By: Con Coughlin
Iran’s deepening involvement in supporting the Russian war effort against Ukraine should serve as a wake up call to Western leaders that Iran’s military threat is no longer solely confined to the Middle East.
Ever since the ayatollahs seized control of the country more than 40 years ago, Iran’s Islamic Revolutionary Guard Corps (IRGC), the regime’s standard bearers, have mostly confined their military activities to the Middle East region, whether it is waging war against neighboring countries like Iraq or threatening Israel through its proxies in Lebanon and Syria.
The only occasions when the IRGC has ventured beyond the Middle East has been to carry out terrorist operations, such as the 1994 bombing of a Jewish community center in Argentina that killed 85 people and wounded more than 300, or the recent wave of terrorist attacks it has carried out in Europe.
The Iranian regime’s decision to give its backing to Russia’s military offensive against Ukraine therefore represents an alarming expansion in Iran’s military ambitions beyond the Middle East.
According to Western security sources, there has been a marked escalation in Tehran’s involvement in the conflict since Russian President Vladimir Putin’s summit in Tehran this month, where he met with key figures in the Iranian leadership, including Supreme Leader Ayatollah Ali Khamenei and the country’s hardline president, Ebrahim Raisi.
The summit ended with Khamenei praising Putin for launching his invasion of Ukraine and claiming that Russia would have been the victim of NATO aggression if he had not made the first move.
While describing war as “brutal and hard,” Iran’s leader suggested that had Russia not “taken the initiative, the other side, with its own initiative would have created a war anyway…. If the road is open to NATO, it knows no boundaries, and if it was not stopped in Ukraine, it would start the same war some time later under the pretext of Crimea.”
Arguably Khamenei’s most revealing comment during the visit was his call for Iran and Russia to increase what he termed “reciprocal cooperation” between the two countries to counter the threat of Western sanctions.
One of the first tangible signs of the deepening cooperation between Moscow and Tehran has been the signing of a $40 billion energy memorandum of understanding between the Russian energy giant Gazprom and the National Iranian Oil Company.
Russia and Iran have already been cooperating on energy issues, with Tehran offering to help Russia avoid Western sanctions imposed following the Ukraine invasion by making available its global oil-smuggling network.
The concern now, say Western security officials, is that the commercial ties between the two countries will lead to closer military cooperation.
US officials have reported that a team of Russian military experts have twice visited an airbase in central Iran to make a detailed assessment of Iranian-made drones.
This follows a report by the US National Security Council that Iran has offered to provide hundreds of drones to aid Russia’s war effort in Iran.
There have even been unconfirmed reports by Iranian opposition groups that the IRGC is planning to send troops to fight along Russian forces, which would be the first time that Iranian forces have been deployed on European soil since the 1979 revolution.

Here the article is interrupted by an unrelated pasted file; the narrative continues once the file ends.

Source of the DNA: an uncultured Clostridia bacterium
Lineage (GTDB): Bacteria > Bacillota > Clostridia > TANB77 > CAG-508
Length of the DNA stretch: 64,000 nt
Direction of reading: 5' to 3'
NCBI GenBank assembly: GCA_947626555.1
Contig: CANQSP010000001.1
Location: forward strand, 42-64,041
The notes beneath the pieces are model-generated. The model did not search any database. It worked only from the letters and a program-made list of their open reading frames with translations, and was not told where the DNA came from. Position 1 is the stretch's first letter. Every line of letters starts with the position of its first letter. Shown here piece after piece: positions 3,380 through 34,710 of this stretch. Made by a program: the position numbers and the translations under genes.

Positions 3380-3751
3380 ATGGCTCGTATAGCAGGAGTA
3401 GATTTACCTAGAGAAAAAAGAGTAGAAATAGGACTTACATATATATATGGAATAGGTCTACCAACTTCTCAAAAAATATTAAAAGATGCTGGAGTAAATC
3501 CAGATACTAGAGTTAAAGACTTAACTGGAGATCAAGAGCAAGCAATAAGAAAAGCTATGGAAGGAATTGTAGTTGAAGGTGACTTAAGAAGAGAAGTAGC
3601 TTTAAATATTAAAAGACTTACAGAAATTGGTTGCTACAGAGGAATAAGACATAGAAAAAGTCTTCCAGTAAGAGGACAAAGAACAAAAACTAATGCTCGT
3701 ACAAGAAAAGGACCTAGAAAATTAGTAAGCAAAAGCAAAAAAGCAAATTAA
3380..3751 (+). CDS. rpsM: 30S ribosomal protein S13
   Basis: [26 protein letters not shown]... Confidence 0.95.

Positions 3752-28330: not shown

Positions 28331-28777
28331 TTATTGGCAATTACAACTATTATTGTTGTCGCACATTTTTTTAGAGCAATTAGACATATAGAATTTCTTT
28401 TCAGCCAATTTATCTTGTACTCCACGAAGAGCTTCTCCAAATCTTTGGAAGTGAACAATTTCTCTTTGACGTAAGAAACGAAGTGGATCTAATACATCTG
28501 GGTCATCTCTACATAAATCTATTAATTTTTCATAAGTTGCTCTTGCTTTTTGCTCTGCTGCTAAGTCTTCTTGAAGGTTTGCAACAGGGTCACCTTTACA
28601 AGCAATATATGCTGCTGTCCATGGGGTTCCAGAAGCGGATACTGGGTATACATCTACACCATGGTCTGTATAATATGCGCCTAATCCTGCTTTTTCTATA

Iran’s very public displays of support for Russia certainly undermine the long-standing assumption of American and European policymakers that the Iranian threat, allowing Iran unlimited nuclear weapons, relates only to the Middle East — and specifically against Israel.
This belief is one of the reasons that Britain, France and Germany, the three European signatories to the 2015 nuclear deal, have given their backing to the Biden administration’s efforts to revive the agreement.
Iran’s active support for Russia in its war against Ukraine, which is receiving military backing from the NATO alliance, completely refutes that argument, and should force both American and European negotiators, as a matter of their own national security, to seriously revise their approach to the negotiations.
The expanding military partnership between Russia and Iran is certainly bad news for the Biden administration, which has invested a great deal of political capital in reviving the nuclear talks, but now finds itself trying to negotiate with a country that is actively supporting its adversary in the Ukraine conflict.
President Joe Biden’s confused position on the Iran issue has been further exposed by the head of Britain’s MI6 intelligence agency, who told this month’s Aspen Security Forum that, in his view, Iran had shown little interest in negotiating a new nuclear deal.
“I don’t think the Supreme Leader of Iran wants to cut a deal,” he stated. “I don’t think the Iranians want it.”
Such a blunt assessment by the head of one of Europe’s key intelligence services, one that has close ties with the American security establishment, certainly makes embarrassing reading for the Biden administration which, despite all the evidence to the contrary, still believes that the Iranian regime is willing to make a deal.
The truth of the matter is that Mr Biden’s policy on Iran has become completely untenable, and the sooner he and his officials recognize their courtship of Tehran is doomed to end in failure, the better it will be for all concerned.
Con Coughlin is the Telegraph’s Defense and Foreign Affairs Editor and a Shillman Journalism Fellow at Gatestone Institute.